Ramakrishnan Balasubramanian rama.balasubramanian at gmail.com
Wed Jun 28 13:27:57 CDT 2006

On 6/27/06, Shrisha Rao <shrao at nyx.net> wrote:
> On Mon, 26 Jun 2006, kuntimaddi sadananda wrote:
> > Dvaitins, particularly Hare Krishna community, call advaita as maaya
> > vaada.  Actually advaita is non-duality which ascertains that there is
> > only Brahman and nothing but Brahman.  Hence, it should be called brahma
> > vaada (proponents of Brahman) rather than mAya vaadins (proponents of
> > maaya).
> It is true that Hare Krishnas (who do not call themelves Dvaitins, and
> should probably not be called that by others either) use `mAyAvAda' as a
> pejorative term for Advaita, but they are by no means responsible for the
> appellation.  The term is also not in and of itself pejorative in nature,
> and is used with no sense of shame by past Advaitin scholars themselves.
> (An Advaitin thus need feel no greater shame for being called a `mAyAvAdI'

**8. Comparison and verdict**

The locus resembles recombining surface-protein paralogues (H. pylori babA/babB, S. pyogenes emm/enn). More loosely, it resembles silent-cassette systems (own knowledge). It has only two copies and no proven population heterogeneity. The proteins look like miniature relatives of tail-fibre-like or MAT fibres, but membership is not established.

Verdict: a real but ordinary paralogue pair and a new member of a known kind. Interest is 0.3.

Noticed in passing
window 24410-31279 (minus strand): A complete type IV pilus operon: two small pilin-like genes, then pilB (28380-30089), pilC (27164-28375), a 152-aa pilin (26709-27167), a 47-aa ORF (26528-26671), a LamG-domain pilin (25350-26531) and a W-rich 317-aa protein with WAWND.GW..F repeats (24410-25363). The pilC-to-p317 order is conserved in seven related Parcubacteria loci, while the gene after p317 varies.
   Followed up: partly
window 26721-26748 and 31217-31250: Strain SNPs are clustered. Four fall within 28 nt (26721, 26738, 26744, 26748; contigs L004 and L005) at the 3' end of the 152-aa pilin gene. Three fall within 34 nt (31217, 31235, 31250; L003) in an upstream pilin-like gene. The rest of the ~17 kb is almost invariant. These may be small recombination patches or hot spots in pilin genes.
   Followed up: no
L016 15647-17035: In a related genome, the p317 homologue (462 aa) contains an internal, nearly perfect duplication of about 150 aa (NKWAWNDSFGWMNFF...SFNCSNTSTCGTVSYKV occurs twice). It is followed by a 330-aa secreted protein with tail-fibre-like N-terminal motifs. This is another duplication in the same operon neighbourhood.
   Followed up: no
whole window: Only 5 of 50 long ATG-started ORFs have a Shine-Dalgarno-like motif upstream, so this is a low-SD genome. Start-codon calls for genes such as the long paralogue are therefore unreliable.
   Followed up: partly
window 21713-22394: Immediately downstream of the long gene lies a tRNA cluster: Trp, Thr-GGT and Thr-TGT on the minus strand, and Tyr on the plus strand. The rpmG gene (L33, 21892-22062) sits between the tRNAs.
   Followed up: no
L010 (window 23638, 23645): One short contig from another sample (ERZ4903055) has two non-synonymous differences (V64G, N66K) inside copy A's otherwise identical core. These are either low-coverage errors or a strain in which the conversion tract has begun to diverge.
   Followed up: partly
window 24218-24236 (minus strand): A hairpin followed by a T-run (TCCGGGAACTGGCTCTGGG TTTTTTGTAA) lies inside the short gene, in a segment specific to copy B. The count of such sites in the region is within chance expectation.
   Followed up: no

> than he takes it on himself to feel for being called by any other name.)
> In a sense, `mAyAvAda' it is also probably a better description than
> `advaita' (which is not the proper name for the doctrine in any classical
> work by Sankara or others).
> I am not aware of any classical scholar who suggests `brahmavAda' as an
> appropriate term in place of `mAyAvAda', and such a suggestion is also in
> apparent conflict with established non-parochial uses of the former term,
> e.g., in Bhagavad Gita XVII-24.

Good point. Sankara and Sureshvara usually call it samyag-darshana.
That word itself can be traced back to the bhagavad-giitaa. The same
name is also used by Bhaskara (bhedAbhedin) in his commentary on the
brahma-suutras (2nd or 3rd, I forget), when referring to advaita.
Bhaskara also uses the word maayaa-vaada. That's probably the the
earliest known work where it occurs. But he does seem to use it in a
pejorative way, of course that is a subjective statement based on my
limited readings of Bhaskara. In the modern world, it was Hacker who
pointed out that maayaa-vaada is not a very suitable term for
describing shankara's philosophy. See "Philology and Confrontation",
published by the SUNY Press.


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